Bonnethead Shark Facts
- The distinctive term of Bonnethead Shark serves as the most frequently used of several common names for this fascinating marine creature. It also goes by the somewhat inventive alternate name of the shovelhead, as well as that of the bonnet shark.
- The scientific name for it, meanwhile, is comparatively simple, as technical terms goes. That’s because it bears the official name of the Sphyrna tiburo. By either of these terms, though, it represents yet another variety of hammerhead shark.
- The first known scientific recognition of it as a separate and distinct species took place long ago. More specifically, it happened in the year 1758. That further resulted from the research of the renowned Swedish zoologist and botanist, Carl Linnaeus.
- Its population appears to be stable in only certain portions of its range. Regrettably, the amazing Bonnethead Shark appears to be suffering from significantly reduced numbers in other regions, however. It’s been heavily targeted in fishing practices.
- This unfortunate fact further holds true in several portions of its natural range. Due to this overall decline, the IUCN presently lists the marine species as Endangered. This lamentable status is reflected in the organization’s Red List of Threatened Species.
- It accounts for as much as half of all shark catches in its range. The fish also suffers from other dangers as well. Habitat degradation and outright loss form an obvious threat, of course. Nevertheless, climate change must also now be considered a threat.
Bonnethead Shark Physical Description
The fascinating Bonnethead Shark impresses those who learn of it for reasons other that sheer size. That’s due to the simple fact that it’s a small species. In point of fact, this marvel of Nature forms the smallest of all currently known varieties of hammerhead shark.
The creature also displays a slight degree of the physiological characteristic of sexual dimorphism. In this instance, that trait manifests itself in terms of physical size. More precisely, the females of the species tend to attain slightly greater lengths than the males.
Overall, however, individuals of this hammerhead shark variety reach an average body length of roughly 2 – 3 ft (0.61 – 0.91 m). Exceptional specimens do naturally occur, though. Due to this, the largest specimen measured to date reached about 5 ft (1.5 m) in length.
Most frequently, the upper portion of the body of the Bonnethead Shark presents a dull grayish-brown color. The underside, meanwhile, usually develops as markedly lighter in coloring. It also develops a smooth, broad, shovel-like head, hence the common name.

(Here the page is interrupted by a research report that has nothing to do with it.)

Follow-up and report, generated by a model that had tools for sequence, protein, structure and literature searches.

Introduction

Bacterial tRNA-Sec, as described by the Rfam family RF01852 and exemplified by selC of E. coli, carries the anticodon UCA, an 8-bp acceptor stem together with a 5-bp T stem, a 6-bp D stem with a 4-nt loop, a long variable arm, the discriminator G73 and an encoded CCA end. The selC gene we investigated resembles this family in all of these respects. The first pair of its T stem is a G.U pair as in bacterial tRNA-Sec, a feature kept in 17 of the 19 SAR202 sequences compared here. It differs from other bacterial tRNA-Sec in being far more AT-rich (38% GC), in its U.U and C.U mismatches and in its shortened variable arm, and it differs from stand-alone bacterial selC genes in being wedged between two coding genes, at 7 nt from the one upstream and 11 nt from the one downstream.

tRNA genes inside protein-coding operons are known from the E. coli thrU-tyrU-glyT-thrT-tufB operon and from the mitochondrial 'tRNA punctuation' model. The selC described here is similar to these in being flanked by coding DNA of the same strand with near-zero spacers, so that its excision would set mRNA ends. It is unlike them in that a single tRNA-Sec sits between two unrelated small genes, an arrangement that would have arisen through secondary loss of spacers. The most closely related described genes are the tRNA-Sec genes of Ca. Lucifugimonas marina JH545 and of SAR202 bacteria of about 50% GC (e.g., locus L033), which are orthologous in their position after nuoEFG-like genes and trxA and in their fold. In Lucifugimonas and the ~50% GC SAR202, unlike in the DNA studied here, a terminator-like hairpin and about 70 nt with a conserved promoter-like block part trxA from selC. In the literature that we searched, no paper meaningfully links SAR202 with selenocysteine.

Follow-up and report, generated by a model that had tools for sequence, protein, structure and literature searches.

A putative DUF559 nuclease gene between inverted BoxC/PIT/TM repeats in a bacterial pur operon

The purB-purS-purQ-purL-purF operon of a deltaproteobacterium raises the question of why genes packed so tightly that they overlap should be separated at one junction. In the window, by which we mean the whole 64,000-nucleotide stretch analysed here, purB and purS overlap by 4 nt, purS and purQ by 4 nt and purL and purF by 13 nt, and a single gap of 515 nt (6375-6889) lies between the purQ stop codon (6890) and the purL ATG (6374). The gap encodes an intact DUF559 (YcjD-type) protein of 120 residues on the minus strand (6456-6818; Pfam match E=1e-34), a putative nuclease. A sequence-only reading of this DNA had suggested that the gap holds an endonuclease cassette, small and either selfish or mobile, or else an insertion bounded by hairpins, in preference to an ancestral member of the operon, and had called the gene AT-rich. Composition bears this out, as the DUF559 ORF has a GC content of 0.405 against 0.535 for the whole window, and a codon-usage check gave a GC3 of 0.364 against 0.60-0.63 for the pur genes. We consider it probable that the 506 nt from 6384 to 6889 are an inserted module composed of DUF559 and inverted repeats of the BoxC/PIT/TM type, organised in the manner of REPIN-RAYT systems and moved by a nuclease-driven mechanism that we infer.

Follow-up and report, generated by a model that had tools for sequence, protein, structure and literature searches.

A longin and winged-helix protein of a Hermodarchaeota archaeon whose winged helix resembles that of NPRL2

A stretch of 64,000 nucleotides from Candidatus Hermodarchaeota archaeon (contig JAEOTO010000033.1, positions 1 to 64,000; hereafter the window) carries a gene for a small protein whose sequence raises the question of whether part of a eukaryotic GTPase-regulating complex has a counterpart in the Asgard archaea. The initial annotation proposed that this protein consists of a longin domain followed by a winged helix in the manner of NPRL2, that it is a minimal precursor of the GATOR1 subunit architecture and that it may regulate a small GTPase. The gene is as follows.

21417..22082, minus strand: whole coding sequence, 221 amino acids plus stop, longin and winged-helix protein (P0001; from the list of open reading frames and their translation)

- Kingdom: Animalia
- Phylum: Chordata
- Class: Chondrichthyes
- Order: Carcharhiniformes
- Family: Sphyrnidae
- Genus: Sphyrna
- Species: S. tiburo
Bonnethead Shark Distribution, Habitat, and Ecology
The intriguing Bonnethead Shark inhabits a relatively small portion of the oceans of the world. Not only that, but its range also happens to be highly specialized. That’s because, throughout its range, it only appears in a comparatively narrow strip along the shoreline.
More precisely, it primarily appears along the east and west coasts of the United States, in North America. To the east, however, individuals live as far south as the Gulf of Mexico and Brazil, in South America. The northern part of its range reaches as far as New England.
In the west, meanwhile, a few populations appear as far south as the waters near the country of Ecuador. To the north, in the Pacific Ocean, though, this shark makes appearances as far up the coast as southern California. Groupings further appear sporadically.
This species also migrates with the seasons in both parts of its range. As a result of this, individuals generally move southward as the water temperature changes. This shark typically prefers to inhabit regions with water temperatures over 70 F (21 C).
It also displays a fondness for specific types of habitat. These mainly include regions of seagrass, areas with very muddy or sandy bottoms. It will also, however, sometimes live in shallow bays and estuaries. In these regions, though, it prefers the presence of seagrass.
Most commonly, the Bonnethead Shark travels in small groups. These generally number no more than 1 individuals, except during migrations. At this time, they may be found in groups of hundreds or even thousands. Females prefer very shallow water for birthing.
This species stands apart from all other known sharks in one surprising way. This occurs despite being the smallest of its kind. That’s because all other known sharks feed entirely as carnivores. This species, though, is an omnivore, occasionally eating seagrass.